“Some of these things cannot be stopped,” Hieromonk Konstantin, a priest at the Vysoko-Petrovsky Monastery in central Moscow, told The Moscow Times. “I’m not saying you cannot become ill from kissing the icons — you can. We have taken away many of the icons and try to disinfect the others as much as possible. But you can’t stop a person if they really want to do that.”
Hieromonk Konstantin said the monastery’s parishioners have shown mixed responses to the changes in their weekly services, which strictly follow the Church's official guidelines.
“The older people are surprised and they register a certain degree of dissatisfaction with certain things. But I don’t think they really realize the depth of the crisis,” he said. “Here in Moscow it’s easy not to realize it because everything is running. We’re not in lockdown — yet.”
While the Russian government has shut down cultural venues, sporting events and all gatherings with more than 50 attendees to prevent the virus’ spread, it has largely given the Russian Orthodox Church free rein to operate as usual, apart from orders to start restricting attendance.
The Church says it has no plans to suspend its services even as the spiritual leader of the Eastern Orthodox Church has advised branches worldwide to do so. On Thursday, the Church said its Moscow services will continue as usual despite the mayor's advice to the public to avoid church. It has, however, said it will work to limit the sizes of its services and will broadcast liturgies online.
Yelena, a 65-year-old pensioner passing by the Church of the Annunciation of the Blessed Virgin Mary in Petrovsky Park, said she would feel more comfortable if churches limited the amount of people allowed to pray at any given time.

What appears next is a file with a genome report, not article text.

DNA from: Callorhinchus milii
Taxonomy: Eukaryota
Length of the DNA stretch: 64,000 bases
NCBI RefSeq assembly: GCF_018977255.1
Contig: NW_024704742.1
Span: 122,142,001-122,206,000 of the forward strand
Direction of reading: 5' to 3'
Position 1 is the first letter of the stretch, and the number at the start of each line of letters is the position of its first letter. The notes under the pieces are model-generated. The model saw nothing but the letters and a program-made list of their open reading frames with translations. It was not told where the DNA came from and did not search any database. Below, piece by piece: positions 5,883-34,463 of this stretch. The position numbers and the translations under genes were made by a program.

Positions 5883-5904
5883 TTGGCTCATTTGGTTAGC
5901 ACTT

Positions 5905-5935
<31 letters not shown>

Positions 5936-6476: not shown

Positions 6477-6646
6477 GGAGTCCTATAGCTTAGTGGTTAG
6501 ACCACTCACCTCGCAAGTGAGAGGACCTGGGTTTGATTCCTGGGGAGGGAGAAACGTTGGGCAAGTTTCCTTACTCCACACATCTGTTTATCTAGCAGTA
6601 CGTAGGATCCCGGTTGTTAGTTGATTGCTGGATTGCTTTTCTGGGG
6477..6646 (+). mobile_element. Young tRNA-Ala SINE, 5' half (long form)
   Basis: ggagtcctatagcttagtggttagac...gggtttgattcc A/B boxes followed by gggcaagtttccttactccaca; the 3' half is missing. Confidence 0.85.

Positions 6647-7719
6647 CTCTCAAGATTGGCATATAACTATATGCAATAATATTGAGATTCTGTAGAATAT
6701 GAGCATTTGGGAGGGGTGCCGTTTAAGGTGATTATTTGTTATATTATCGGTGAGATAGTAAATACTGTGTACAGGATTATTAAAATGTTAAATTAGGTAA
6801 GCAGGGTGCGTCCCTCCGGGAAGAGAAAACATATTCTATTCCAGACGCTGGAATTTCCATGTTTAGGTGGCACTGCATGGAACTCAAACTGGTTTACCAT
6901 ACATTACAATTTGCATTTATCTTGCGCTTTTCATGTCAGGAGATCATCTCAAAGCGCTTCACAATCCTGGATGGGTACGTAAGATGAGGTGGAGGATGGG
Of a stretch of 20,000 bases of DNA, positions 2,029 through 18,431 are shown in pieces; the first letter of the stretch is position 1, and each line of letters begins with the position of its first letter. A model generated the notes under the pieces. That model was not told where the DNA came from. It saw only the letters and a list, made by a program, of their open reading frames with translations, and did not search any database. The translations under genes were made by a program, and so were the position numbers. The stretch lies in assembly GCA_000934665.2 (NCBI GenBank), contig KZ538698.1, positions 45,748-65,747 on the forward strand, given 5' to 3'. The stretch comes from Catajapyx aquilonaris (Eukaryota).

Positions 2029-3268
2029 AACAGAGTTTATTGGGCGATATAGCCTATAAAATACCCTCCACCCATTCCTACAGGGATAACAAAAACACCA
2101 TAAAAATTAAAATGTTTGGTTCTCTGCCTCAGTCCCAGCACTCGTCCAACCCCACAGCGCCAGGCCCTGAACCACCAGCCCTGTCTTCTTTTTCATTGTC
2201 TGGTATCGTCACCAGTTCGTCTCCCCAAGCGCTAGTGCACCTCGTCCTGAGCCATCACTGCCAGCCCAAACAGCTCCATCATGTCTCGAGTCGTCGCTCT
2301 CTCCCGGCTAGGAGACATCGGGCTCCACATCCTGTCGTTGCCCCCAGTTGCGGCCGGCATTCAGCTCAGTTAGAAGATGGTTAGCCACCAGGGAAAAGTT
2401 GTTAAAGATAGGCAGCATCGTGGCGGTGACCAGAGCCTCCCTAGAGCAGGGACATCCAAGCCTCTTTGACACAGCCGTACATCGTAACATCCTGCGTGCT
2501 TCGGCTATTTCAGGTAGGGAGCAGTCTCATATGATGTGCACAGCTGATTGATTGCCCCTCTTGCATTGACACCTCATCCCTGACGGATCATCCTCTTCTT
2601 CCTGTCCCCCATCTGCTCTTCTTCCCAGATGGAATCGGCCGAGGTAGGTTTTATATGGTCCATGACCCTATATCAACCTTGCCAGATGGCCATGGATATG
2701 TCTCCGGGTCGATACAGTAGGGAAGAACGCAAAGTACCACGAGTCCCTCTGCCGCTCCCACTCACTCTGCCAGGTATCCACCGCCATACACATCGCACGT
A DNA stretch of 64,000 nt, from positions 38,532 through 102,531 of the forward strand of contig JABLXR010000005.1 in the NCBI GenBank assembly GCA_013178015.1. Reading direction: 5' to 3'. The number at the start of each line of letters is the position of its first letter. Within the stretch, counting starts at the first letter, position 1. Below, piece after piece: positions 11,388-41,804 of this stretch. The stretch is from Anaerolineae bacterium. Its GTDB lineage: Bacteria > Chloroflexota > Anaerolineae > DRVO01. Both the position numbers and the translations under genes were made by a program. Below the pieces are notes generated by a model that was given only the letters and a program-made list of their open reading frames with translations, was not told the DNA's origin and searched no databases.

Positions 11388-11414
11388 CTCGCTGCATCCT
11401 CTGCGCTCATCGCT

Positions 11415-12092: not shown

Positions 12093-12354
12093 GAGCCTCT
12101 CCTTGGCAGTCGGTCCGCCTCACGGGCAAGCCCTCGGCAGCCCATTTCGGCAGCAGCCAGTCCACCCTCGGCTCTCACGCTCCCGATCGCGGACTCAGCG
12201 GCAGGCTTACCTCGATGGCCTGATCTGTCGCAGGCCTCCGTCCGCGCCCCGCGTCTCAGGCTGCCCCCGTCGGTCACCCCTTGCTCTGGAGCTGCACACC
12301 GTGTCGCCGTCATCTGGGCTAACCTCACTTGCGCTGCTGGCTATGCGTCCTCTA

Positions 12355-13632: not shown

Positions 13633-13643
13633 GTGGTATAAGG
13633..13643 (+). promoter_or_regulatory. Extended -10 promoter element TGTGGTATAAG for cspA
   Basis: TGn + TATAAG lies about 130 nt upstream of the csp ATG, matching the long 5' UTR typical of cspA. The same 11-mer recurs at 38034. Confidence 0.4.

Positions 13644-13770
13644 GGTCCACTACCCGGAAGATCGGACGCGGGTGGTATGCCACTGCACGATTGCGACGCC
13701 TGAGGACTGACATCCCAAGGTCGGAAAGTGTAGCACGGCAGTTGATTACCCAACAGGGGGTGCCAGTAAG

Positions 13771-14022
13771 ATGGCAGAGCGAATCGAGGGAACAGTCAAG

“The church I’ve been in had closed the section where you buy candles and so forth, although the church was open,” she said. “Outside the church was a stand where you could write notes asking for prayers to be said. There was no one in the church at all. I think this is right – leave the churches open for individual worship.”
Russian epidemiologists view the Church’s measures so far as a positive step, but maintain that the best way to halt the spread of coronavirus is to close the churches until the pandemic is under control.
“Kissing icons and using one spoon during the sacrament will contribute to the spread of coronavirus among parishioners,” Viktor Zuev, a virologist at the Gamelei Institute of Epidemiology and Microbiology, told The Moscow Times. “In parishes where this has been forbidden, it should certainly be seen as taking positive preventive steps, but these measures work most correctly and most effectively when churches are closed for the period of the pandemic.”
Some parishioners agree.
“Of course the churches should temporarily stop services,” said Larisa, 60. “The idea of the healing protective power of God is ridiculous. God gave us reason and we ought to use it.”
But the Church stresses that shutting its doors is a last resort — especially with Easter, the most important Russian Orthodox holiday, just around the corner.
“We think that if we were to close the churches, there would be panic because Orthodox people here are very attached to religious observances,” said Hieromonk Konstantin. “It would be as if we were denying the people some sort of spiritual sustenance. We have to show them that we are with them and we are praying for them.”
Michele Berdy and Sonia Kopelev contributed reporting.